2. I will be lobbying Congress to put a 20% protective tariff on all coffee imported into Fort Worth. This will protect Fort Worth jobs in the infant Fort Worth coffee industry. Granted, these jobs don't exist yet but look what protection did for the infant sugar industry, starting back when Thomas Freakin' Jefferson was President (and our infant sugar industry is still protected). If we as a nation can overpay for sugar every year by $400,000 per job saved, we can attempt the same for Fort Worth coffee. Starbucks must now "Think Globally, Grow Locally".
  3. I am proposing that we model our remaining "Globally Sourced" coffee quotas on the regulations that are now in place for cotton. A precise quota will be allowed into Starbucks from each nation that currently allows me to haul freight for them. At this point, the number of eligible nations is....One. But to protect my infant shipping industry in additional nations and to encourage them to allow entry to my business, I am requiring Starbucks to bring in 2% of their coffee from each of the following countries: Greenland, Iceland, Norway, Sweden, Denmark, Finland, Estonia, Lichtenstein, Canada, and The Vatican. The current Starbucks practice of limiting their coffee purchases to Equatorial regions isn't just unfair, it's racist. And if we can require the Asians to frantically move their fabric businesses around to whichever nation has some quota left at the end of the year, then the Latin Americans and their buddies in Ethiopia can do the same.

Administering this program will require a swarm of regulators and inspectors to appear every time a Fort Worth Starbucks receives a shipment of coffee. These inspectors will be paid by tax increases, since I'm not about to pay more than $2.00 for a Double Espresso. Plus, I'm the one who has to pay drivers and buy diesel. It will be like the current cozy relationship between ethanol tariffs and Archer Daniels Midland.

Think of it as jobs saved.

I'm waiting by the computer to receive the praise and gratitude of a grateful nation. And Lou Dobbs.

Tuesday, October 23, 2007

Signs of The End Times

Click HERE to see the latest sign that The Apocalypse Is Upon Us.... If this is true, is there hope for humanity?

"And what rough beast, its hour come round at last, Slouches towards Bethlehem to be born?"
-William Butler Yeats

Photo compliments of Citizen Arcane

Fire in California, Water in Lousiana, Schwarzenegger, and Blanco

Laura's Miscellaneous Musings has a post making unfavorable comparisons between the disaster control effort in New Orleans with the current disaster control effort in California. She also makes some unfavorable comparisons to the situation that developed in the Super Dome with the current one at Qualcomm Stadium. You'll have to dig around the links (hit the one for wringing his hands - it's worth it) to find unfavorable comparisons between Louisiana's Governor Blanco and Schwarzenegger.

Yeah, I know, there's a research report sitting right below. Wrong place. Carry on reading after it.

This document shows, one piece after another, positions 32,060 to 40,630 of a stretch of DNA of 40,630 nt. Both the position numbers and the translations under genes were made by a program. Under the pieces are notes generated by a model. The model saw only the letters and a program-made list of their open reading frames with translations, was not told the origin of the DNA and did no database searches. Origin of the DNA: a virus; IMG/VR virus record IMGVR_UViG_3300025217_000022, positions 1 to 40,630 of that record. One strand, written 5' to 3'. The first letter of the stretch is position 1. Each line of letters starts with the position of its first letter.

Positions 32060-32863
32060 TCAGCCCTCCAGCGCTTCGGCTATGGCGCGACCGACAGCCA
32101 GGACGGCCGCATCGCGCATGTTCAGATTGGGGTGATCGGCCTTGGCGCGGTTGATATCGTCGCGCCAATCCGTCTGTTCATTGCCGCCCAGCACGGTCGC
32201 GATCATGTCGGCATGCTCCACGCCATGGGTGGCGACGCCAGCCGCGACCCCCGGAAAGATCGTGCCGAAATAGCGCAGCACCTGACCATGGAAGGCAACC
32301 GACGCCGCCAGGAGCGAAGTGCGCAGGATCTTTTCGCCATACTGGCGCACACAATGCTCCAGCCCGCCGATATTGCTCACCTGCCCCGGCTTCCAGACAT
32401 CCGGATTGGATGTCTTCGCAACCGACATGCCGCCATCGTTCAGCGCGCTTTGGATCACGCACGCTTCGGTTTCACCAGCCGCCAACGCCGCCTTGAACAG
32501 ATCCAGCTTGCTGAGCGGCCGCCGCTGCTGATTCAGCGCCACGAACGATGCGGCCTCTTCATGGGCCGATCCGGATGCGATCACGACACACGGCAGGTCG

These are totally different disasters, but the contrast is stark.

Anyone digging around in there will also make unfavorable conclusions between Laura's site and this one. Lordy, this lady is good at what she does. I disagree with some of her positions, but everything she writes is linked to almost every possible source that's out there. It's a fun site to click around in.
The picture below is from the L.A. Times. The first comments currently posted below their article link the tragedy to 1) Global Warming, and 2) Greedy developers.
Yeah. Right.

Monday, October 22, 2007

Political Correctness in China

An example of Chinese Political Correctness. They sometimes try so hard, and mess it up so bad.

This picture is compliments of Grouchy Old Cripple, a blogger in Atlanta who makes me sound like an NPR disk jockey.

The Samizdata website has been running a "quote of the day" almost since it came into existence. Reading them all at once is like too much candy, but try a few anyway.
"Samizdata" is a reference to the secret publishing of banned literature in the U.S.S.R. These people are beyond brilliant. Plus, they make me look like a Socialist.
Slogans/quotations Archives

Sunday, October 21, 2007

Extraordinary Rendition, Part 2

Sunday Forum: Two problems with torture
This is from the Pittsburgh Post-Gazette, and ties in somewhat with my previous post on torture. Worth Reading. The author, Stuart Herrington, is a retired Army Colonel and interrogation expert.
He doesn't have to tie his argument to any movie plots (see link to previous post) or Harvard professors.

Bad Traffic, In Perspective

This is what Robert Crump, one of our new employees, had to drive through in Iraq. This gives a new perspective to all the problems we have with Central Expressway, 635, the Fort Worth Mixmaster, or South Hulen.

Blessing of The Bikes

My friend David Mallette captured the front page of the early Sunday Star-Telegram, and was front page of the travel section in the regular Sunday section. He wrote a great article about motorcyle road trips around the Fort Worth area - St. Jo, Marble Falls, and all over Arkansas. 10/21/2007 Heaven on wheels
The link above has complete info on the best routes, best places to eat, and which spots are biker friendly.
David is the only person I know who would talk a security guard into allowing motorcyles onto a pedestrian walkway so he could get the perfect picture of Christ of The Ozarks blessing his bike. I'm sure that David is a great person to ride with, in spite of his fear of slippery slopes.